Maike shines in Tunisia
After walking away with gold, Maike Diekmann proved she is a force to be reckoned with.
29 October 2019 | People
Maike Diekmann (25) made Namibia proud by securing qualification for the 2020 Tokyo Olympics.
She did this by taking gold at the FISA African Olympic and Paralympic qualification regatta in Tunisia.
“I have had a great year of training and racing and felt confident going into the competition,” Diekmann said.
Diekmann grew up on a farm just outside Otjiwarongo. “I went to a German primary private school in Otjiwarongo and then attended Otjiwarongo Secondary School, where I matriculated in 2012.
“I have always loved sport and being competitive, so I did athletics and played inline hockey during my school career,” says Diekmann.
“Right after matric, I attended Rhodes University in Grahamstown in the Eastern Cape in South Africa, where I graduated with a bachelor of science and then did my honours in geology.”
Diekmann is currently based in Pretoria for her training. She trains at the University of Pretoria (Tukkies) and at the Roodeplaat Dam.
“I was introduced to rowing for the first time at Rhodes University at the end of 2014 and started properly in January 2015, so I have just been rowing just short of five years.
“I was encouraged by rowing club members to join the club at the yearly sports expo. I was quite intimidated at first, and did not join, as I did not think it was a sport I could learn that easily.
“But then I was given a chance to be part of a fun crew with a bunch of beginners to race at the annual university boat races in Port Alfred,” Diekmann said.
After winning their race, Diekmann felt such an adrenaline rush and loved the competitiveness. The Rhodes rowing coach then taught her the basics and she attended a month-long training camp the following year.
“I love the challenge and of course the fact that I get to exercise outside most of the time, in nature. I love the outdoors and out on the water it is very peaceful and great to clear your mind. I also love the environment around rowing and the dedicated and driven athletes that put so many hours of training into it, to chase after their dreams, no matter how big or small they are,” she says.
“After winning the final and grabbing an Olympic qualification, I felt a great sense of relief and happiness overcoming me. At the medal ceremony, when the Namibian flag was raised and the anthem was playing, tears of joy ran down my face. Everything just made sense in that moment,” she said.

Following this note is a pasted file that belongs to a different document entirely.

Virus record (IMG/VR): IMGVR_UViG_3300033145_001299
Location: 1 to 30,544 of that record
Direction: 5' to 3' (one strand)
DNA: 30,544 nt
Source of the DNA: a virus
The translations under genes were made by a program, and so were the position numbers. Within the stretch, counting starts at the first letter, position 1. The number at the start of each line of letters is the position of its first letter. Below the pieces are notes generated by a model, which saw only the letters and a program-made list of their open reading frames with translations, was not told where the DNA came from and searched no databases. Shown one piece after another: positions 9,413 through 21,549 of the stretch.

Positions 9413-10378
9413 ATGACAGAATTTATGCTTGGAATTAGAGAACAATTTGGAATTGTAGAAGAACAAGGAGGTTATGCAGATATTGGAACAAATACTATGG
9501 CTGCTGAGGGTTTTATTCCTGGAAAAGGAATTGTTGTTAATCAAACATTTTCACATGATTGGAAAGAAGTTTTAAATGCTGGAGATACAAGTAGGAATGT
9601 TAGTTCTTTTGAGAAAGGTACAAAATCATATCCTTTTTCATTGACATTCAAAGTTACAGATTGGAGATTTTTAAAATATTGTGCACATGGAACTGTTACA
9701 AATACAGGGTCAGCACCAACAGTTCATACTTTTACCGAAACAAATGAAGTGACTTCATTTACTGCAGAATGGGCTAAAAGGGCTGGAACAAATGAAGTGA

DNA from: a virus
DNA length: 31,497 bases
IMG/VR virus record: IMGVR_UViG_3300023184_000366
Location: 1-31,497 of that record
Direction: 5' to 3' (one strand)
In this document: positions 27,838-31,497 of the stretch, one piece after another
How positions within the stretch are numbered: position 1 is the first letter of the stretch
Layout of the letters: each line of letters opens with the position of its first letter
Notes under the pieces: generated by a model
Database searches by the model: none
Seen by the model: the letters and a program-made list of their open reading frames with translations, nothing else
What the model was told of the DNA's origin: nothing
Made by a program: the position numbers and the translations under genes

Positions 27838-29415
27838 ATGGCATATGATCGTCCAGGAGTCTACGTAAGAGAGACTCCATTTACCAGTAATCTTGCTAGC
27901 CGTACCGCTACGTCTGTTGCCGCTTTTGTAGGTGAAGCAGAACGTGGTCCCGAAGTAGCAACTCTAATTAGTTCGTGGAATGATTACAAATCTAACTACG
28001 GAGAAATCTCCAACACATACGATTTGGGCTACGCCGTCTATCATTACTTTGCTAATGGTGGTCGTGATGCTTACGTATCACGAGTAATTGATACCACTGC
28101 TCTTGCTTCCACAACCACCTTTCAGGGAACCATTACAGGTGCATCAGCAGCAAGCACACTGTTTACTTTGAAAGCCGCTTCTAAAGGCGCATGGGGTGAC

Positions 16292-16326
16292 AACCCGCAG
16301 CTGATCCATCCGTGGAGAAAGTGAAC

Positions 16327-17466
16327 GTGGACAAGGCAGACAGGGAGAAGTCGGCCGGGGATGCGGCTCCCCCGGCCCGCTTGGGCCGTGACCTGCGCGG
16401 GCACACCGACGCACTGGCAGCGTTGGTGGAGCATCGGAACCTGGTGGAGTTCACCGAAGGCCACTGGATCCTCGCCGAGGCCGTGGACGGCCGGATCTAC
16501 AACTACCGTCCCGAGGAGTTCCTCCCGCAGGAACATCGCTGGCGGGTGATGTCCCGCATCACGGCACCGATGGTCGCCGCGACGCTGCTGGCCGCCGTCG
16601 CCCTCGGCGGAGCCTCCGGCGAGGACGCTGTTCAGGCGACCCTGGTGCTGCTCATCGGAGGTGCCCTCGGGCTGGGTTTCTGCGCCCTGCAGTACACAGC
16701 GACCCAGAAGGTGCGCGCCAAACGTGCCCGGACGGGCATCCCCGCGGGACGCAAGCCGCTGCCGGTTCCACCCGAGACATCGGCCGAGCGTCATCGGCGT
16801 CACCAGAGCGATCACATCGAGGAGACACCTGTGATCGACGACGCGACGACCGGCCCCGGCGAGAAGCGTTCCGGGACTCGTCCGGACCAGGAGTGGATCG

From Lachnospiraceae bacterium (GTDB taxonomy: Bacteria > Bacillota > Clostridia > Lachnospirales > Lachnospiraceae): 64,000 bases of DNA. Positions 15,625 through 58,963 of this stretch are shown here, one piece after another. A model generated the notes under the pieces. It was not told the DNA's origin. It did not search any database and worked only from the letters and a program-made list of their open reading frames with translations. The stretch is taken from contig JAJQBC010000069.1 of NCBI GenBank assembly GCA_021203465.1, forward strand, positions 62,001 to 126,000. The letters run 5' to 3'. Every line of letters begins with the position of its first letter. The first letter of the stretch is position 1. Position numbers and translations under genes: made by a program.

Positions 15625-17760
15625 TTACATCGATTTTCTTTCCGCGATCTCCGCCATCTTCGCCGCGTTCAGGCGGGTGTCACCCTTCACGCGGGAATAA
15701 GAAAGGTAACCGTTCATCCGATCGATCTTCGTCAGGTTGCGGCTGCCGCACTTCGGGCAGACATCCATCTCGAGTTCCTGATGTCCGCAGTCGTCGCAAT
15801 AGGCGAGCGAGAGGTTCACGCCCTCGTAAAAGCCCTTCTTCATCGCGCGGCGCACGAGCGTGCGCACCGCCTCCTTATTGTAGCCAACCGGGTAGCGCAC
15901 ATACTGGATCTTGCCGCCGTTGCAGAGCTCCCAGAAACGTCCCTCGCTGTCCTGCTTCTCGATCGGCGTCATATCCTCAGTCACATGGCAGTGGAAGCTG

Diekmann was nominated for 2019 Sportswoman of the Year and has participated in international rowing competitions in Austria, the Netherlands and Italy.
According to Diekmann, her biggest challenge has been finding a support system to help her train at an elite level, as well as financial constraints.
“It was difficult to find a team to train with, as I am a Namibian in South Africa. It is not easy to train with the national team… I had to therefore make my own team and find people to train with me, from Tukkies, for example. I was lucky to find a great coach in Pretoria who took an interest in helping me out and he had good connections to doctors and biokineticists, and after a while, we created or own ‘national team’,” she says.
“The financial side has also been a challenge, as I have not received any kind of funding from Namibia during my preparation for the qualification.
“The only source of external money that I received was from the International Olympic Committee and I received the Olympic Solidarity scholarship.
“This money helped me cover my monthly expenses in South Africa, but the bigger expenses such as travel costs to overseas tours were mostly funded by my family.
“I hope with me qualifying for the Olympics it will help me find more sponsors and that I will receive more support from the Namibian government.”
Diekmann said sport brings together people, takes children off the street, and produces healthy, strong-minded individuals, who will be a benefit to the country and its economy.
“Athletes develop important skills throughout their sporting careers, which help them in their academic and business pursuits.
“I would like to encourage young Namibian girls in sport to go after their dreams and goals, even if they seem so far away... It’s a dream of mine to be a role model to others and show that anything is possible if you put the work and effort into it; but especially if you do it with the love and passion you have for your sport and country.”